Does it have cork floats in the carburetor :D I bet those would look just peachy after a few decades of neglect.

does it have a kick starter! lol oh ya you're fu*k'd

... holy look at the front wheel weights! -> a new tyre and a litre of liquid balancer might slightly reduce that problem ;)
You know it's funny you mentioned the weights, there are two pics of the bike, one I downloaded from the second owner and one 46 years later. They show the same weights in the same exact position maybe the same tires. If they weren't changed maybe nothing else was changed in 46 years, it was one of the things I like about the bike.
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Thanks for all the info. I just received some of the documentation, tons of info very detailed. There is also mention in a letter of crossing the start finish at 130 mph 9000 rpm. It's a lot to go through, everything is there from 1963 to 1974, all the measurements, work done to the crank, valves carbs and so on also mention of 57 H.P. Floor Paper
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Nice bike I would have bought it blind - no question.

That ain't no café racer, someone spent a lot of money on that bike back in the 60's, those wheels and fork would have cost 6 months salary in 63. That's a race bike.

Front forks are manx, so are the yolks c 1957 to 62.

The wheels are also Manx, in magnesium, front is the later type 2ls from 57 to 61. The date of the rear can be determined but you need to look inside specifically the cast webs. The magnesium is Electron and is quite stable, however they should be stripped and the hubs checked for cracks, stove enamelled after and rebuilt if they are OK. If you are precious you can remove the spokes (lots of penetrating oil 1st), have them plated and use again. Manx hubs were not chromated just painted.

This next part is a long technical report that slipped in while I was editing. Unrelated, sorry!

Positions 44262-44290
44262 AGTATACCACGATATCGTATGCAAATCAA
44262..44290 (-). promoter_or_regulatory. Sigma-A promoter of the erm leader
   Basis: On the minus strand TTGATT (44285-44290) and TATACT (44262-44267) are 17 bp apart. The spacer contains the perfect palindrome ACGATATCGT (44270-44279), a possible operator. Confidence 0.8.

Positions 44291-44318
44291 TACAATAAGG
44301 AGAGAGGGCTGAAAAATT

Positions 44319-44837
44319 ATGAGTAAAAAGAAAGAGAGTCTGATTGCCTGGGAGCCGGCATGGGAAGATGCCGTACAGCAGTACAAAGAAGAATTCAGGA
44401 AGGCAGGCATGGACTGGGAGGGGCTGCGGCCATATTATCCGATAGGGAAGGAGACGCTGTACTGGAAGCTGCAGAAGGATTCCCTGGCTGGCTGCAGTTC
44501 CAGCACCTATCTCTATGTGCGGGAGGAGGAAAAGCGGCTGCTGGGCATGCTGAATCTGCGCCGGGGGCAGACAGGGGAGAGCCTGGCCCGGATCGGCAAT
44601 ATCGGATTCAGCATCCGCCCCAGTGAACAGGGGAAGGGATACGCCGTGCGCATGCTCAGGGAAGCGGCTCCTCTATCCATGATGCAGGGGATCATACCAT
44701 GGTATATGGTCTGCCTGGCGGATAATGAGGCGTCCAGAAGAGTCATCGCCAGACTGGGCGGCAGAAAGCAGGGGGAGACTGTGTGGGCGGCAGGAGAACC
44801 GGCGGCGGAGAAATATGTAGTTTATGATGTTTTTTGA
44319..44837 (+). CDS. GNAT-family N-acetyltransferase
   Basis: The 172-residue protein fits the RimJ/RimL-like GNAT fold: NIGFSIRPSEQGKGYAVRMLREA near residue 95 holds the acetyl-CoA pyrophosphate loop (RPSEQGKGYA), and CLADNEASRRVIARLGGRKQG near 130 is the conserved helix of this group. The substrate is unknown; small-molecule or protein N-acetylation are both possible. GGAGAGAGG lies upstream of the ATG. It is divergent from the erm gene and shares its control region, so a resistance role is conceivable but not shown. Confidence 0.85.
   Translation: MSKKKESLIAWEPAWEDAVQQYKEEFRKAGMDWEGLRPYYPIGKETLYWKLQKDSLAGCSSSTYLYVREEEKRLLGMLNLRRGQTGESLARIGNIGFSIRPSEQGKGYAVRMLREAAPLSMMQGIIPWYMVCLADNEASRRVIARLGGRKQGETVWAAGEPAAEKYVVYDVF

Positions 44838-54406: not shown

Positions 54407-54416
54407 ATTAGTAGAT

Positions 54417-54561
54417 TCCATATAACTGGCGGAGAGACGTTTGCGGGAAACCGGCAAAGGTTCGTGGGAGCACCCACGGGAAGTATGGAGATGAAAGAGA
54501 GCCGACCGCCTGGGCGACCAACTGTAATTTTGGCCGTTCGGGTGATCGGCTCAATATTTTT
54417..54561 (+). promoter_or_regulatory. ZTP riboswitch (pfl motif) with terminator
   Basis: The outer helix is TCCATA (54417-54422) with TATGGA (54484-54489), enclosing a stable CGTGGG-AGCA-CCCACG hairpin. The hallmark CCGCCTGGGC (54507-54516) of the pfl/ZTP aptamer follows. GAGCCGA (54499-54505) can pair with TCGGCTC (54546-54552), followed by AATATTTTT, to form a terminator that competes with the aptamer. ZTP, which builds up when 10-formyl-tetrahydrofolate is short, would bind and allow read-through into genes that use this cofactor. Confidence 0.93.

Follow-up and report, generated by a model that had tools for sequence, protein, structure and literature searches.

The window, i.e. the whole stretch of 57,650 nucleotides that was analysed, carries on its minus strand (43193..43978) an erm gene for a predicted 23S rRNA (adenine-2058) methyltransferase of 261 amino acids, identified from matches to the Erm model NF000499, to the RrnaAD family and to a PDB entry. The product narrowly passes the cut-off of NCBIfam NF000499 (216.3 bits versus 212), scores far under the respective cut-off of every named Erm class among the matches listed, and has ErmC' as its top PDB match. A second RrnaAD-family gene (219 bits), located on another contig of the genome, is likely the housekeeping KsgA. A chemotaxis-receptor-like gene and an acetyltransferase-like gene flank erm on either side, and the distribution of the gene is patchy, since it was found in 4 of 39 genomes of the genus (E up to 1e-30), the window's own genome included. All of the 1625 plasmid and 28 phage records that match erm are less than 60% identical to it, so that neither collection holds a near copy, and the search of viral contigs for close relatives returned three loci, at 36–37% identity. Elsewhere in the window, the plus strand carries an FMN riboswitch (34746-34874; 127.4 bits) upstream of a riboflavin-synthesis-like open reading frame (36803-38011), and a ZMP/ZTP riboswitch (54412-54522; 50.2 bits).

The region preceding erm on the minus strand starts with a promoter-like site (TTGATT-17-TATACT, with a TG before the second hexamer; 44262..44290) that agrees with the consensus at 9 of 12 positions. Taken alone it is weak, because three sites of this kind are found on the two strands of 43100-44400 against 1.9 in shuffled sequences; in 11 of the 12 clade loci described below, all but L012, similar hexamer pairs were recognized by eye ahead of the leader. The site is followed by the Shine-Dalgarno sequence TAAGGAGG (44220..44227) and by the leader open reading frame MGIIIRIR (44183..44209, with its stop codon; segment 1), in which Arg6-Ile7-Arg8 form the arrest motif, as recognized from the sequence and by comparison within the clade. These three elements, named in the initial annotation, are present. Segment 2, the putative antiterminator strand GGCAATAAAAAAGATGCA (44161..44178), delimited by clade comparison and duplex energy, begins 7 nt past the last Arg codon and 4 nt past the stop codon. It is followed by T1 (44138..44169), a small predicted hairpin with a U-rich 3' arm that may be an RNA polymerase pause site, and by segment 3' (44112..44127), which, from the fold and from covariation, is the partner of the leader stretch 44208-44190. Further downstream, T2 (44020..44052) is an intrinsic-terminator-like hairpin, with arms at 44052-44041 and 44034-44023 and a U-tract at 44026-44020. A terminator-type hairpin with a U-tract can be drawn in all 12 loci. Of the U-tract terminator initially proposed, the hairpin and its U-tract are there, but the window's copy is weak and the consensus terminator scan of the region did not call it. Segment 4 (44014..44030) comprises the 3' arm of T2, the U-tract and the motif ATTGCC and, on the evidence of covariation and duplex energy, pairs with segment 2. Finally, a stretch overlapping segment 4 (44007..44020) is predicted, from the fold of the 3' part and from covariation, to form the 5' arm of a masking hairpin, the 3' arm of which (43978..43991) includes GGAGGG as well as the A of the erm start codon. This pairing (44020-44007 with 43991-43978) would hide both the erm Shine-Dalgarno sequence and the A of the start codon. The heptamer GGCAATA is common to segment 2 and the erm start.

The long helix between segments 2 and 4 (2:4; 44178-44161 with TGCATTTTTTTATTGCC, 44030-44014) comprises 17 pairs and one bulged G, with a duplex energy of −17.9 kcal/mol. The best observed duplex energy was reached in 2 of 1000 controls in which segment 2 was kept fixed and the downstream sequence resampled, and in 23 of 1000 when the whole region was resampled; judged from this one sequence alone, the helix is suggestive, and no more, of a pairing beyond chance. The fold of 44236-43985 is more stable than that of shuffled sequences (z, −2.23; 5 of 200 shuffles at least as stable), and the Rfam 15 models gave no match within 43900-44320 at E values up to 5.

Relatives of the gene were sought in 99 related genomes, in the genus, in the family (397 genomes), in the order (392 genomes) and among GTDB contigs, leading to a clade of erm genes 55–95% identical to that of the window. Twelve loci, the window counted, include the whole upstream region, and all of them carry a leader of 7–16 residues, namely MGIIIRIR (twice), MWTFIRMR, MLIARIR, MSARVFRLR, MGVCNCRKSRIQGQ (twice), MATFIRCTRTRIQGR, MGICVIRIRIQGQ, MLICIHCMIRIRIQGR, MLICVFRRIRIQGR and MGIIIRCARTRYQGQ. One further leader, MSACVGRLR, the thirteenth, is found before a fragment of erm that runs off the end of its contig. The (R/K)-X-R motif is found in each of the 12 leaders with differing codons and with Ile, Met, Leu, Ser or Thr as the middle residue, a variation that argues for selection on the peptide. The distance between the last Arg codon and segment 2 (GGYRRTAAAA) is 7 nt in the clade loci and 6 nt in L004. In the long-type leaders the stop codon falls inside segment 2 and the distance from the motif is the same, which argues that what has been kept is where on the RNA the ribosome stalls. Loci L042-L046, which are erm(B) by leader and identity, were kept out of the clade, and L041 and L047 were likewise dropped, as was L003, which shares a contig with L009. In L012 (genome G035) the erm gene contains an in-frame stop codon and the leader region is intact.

Swing arm is also Manx.

The mag isn't a 2MTT. Better photo please and ill be able to ID it, has a PAL look about it.

Combined oil / petrol tank isn't a good idea though lovely warm oil heating the fuel = NO.

The 650ss is a great motor when prepared well. Weak points are rods (fit steel or Titanium if you are going to use in anger). The original pistons can nip up use forged items. The original cam (X1 or later X2 which is nitrided and the same cam used in the 750 commandos) with flat foot followers is nice and torquey. Or fit a PW3 my favourite. You can fit bigger valves and bore the seats but I wouldn't, standard valves with bored seats and skinny valve contact (4 angles). Mains are strong, pay close attention to the crank, rebuild with bolt kit from Steve Maney in the Uk. Re-balance is a must.

What carbs are they? The long inlet tracks were a normal mod in period helping hi RPM breathing.

Engine breathers look like SU items.

Nice thing, as I said I would have bought it.
I will get you some pics when I receive the bike. Thanks
I guess you now realise what you've got.

9000 and 130mph I don't think so - The 650ss was good or 115 in standard trim with a good motor at about 7200, Pushrod twins, especially Norton twin don't like massive revs and 9000 is way beyond engine busting territory. You should easily get 125-130mph at mid 7's with a tuned engine and a stripped out chassis. We've had the best part of 140mph on Manx gearing from a 500 domi engine. If you rev it to 9000 you'll blow it up. In standard form peak power output was around 6800ish, once the revs are past peak torque your killing the engine.